When I think about portfolio construction and decisionmaking, I see a world of a difference between these two actions/thought processes:
(1) I currently own Coca-Cola stock. But I see Coca-Cola (NYSE:KO) trading at over 22x earnings. It usually trades around 19-20x earnings. Since it may be a bit overvalued based on traditional P/E metrics once you adjust for periods of unusual valuation like the dotcom bubble, I think I will sell the stock and buy something undervalued like Total SA (NYSE:TOT), which is offering investors an initial earnings yield of 14% once you adjust for one-time events.
(2) I currently own Coca-Cola stock. Considering that the company appears slightly overvalued by traditional P/E metrics, I think I will just let the dividends accumulate on my personal balance sheet, and be an "owner" of the company in the true sense of the word as I reap the benefits of business ownership by receiving a cash dividend check every ninety days. If fresh cash is available/becomes available, I will use it to buy something I consider undervalued, such as Total SA, to add to the portfolio.
*Note: I felt comfortable characterizing Coca-Cola as a "first-tier" company because the firm has increased cash flow per share in every year since 2000 (with only one exception), almost always achieves 25-30% returns on shareholder equity, has a stable of over 500+ brands, and has been raising dividends annually for over half a century. I felt comfortable characterizing Total SA as second tier because the company is currently paying a 55.0% income tax rate, and is dealing with a national government regime that wants to raise taxes on the company even more.
Both of these moves have the same net effect of lowering the overall earnings quality of the portfolio.
But logistically, they are worlds apart.
The first option is the current temptation for dividend investors. You look around the landscape, and you see that Pepsi (NYSE:PEP), Colgate-Palmolive (NYSE:CL), and General Mills (NYSE:GIS) are trading above their traditional ten-year ranges, and decide to sell on the basis that the stocks are moderately overvalued. The problem with that decision is that you are actually removing income excellence from your portfolio.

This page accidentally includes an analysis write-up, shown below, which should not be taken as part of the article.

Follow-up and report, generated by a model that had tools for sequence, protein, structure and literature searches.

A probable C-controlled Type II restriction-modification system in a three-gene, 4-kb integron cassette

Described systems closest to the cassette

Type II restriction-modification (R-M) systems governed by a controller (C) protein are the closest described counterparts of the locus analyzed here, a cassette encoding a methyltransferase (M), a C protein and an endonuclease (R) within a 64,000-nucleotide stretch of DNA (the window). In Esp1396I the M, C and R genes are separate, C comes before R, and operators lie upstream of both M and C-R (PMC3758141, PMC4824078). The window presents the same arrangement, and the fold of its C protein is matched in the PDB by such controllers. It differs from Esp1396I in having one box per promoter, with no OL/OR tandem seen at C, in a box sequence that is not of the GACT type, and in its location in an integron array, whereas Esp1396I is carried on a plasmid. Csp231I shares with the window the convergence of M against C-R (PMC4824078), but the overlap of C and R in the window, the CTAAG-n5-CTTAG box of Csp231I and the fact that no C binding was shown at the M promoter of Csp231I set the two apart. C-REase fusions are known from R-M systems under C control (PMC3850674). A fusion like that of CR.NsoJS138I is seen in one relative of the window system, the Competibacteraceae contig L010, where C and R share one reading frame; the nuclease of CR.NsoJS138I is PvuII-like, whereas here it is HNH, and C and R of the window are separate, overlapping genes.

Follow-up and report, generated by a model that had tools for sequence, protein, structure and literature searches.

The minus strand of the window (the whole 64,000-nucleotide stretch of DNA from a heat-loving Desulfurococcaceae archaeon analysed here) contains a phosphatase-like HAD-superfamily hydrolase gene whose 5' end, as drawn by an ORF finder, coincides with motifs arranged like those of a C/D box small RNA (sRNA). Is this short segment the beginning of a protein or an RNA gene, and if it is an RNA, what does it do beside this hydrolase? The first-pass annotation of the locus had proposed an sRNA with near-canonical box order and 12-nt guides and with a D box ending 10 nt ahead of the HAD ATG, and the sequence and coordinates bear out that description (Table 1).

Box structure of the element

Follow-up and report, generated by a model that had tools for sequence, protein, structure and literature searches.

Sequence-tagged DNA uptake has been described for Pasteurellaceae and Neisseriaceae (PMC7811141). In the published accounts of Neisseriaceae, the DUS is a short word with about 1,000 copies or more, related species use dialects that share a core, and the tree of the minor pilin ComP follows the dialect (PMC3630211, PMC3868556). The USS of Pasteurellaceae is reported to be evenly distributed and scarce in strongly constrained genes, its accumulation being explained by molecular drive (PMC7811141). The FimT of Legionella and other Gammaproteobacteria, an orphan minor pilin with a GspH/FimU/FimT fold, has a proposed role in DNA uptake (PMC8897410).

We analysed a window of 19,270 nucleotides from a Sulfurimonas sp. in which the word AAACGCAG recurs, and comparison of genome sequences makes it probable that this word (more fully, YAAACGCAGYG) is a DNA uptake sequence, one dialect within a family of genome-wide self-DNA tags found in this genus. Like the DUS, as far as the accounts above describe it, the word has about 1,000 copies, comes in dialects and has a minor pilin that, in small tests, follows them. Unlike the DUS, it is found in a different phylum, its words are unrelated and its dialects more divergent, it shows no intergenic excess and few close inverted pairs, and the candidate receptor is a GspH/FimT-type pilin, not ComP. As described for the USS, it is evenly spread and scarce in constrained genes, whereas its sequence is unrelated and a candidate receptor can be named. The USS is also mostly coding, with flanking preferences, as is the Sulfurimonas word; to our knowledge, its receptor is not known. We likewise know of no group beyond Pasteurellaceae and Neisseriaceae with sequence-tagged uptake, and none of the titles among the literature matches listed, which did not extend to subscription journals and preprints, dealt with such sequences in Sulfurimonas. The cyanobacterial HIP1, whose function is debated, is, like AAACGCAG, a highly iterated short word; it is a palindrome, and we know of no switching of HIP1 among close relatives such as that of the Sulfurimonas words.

Pepsi has been raising dividends since Mark Spitz won seven gold medals at the 1972 Summer Olympics. Colgate-Palmolive has been paying dividends since Babe Ruth's birth in 1895, and General Mills has been paying out dividends since the St. Louis Cardinals baseball team was called the St. Louis Perfectos in 1899. When you have that kind of earnings quality in your portfolio, it may be foolish to discard that kind of dividend safety simply because you think the stock is trading for 10-15% above what you consider fair value because it can be difficult to replace the preeminent dividend machines of the 20th century that continue to do what they have always done.
The second option, while still diluting the earnings quality of your portfolio by adding a "second tier company", does not harm the dividend foundation that you have laid. You don't necessarily want to mess with your income infrastructure. Adding a few interesting pieces to the house is a much different endeavor than messing with the foundation. I have not sold anything recently, but if I did, I would keep an eye on replacing anything I sell with a stock of equal earnings quality (and if I did have to replace a company with a stock of lower earnings quality, I would feel an obligation to craft a strategy to hedge myself against the effects of that decision).
Every market comes with its own set of risks and temptations, and it seems that a current temptation at today's prices is to remove the dependable consumer staples, utilities, and (certain) conglomerates and replace them with certain bank, tech, and/or energy companies. The risk of doing that is that you could be lowering the earnings quality of your portfolio by exposing yourself to more fluctuations in future earnings (some investors can handle this fact fine - the point is to consciously recognize it and determine whether that risk is worth accepting or rejecting). In my case, I have no problem buying BP at today's prices. But I wouldn't sell something slightly overvalued like Procter & Gamble (NYSE:PG) to do it. Once you have a good thing going in your portfolio, think twice before messing with it. Those reliable dividend payers may be nice to have around when the business cycle turns.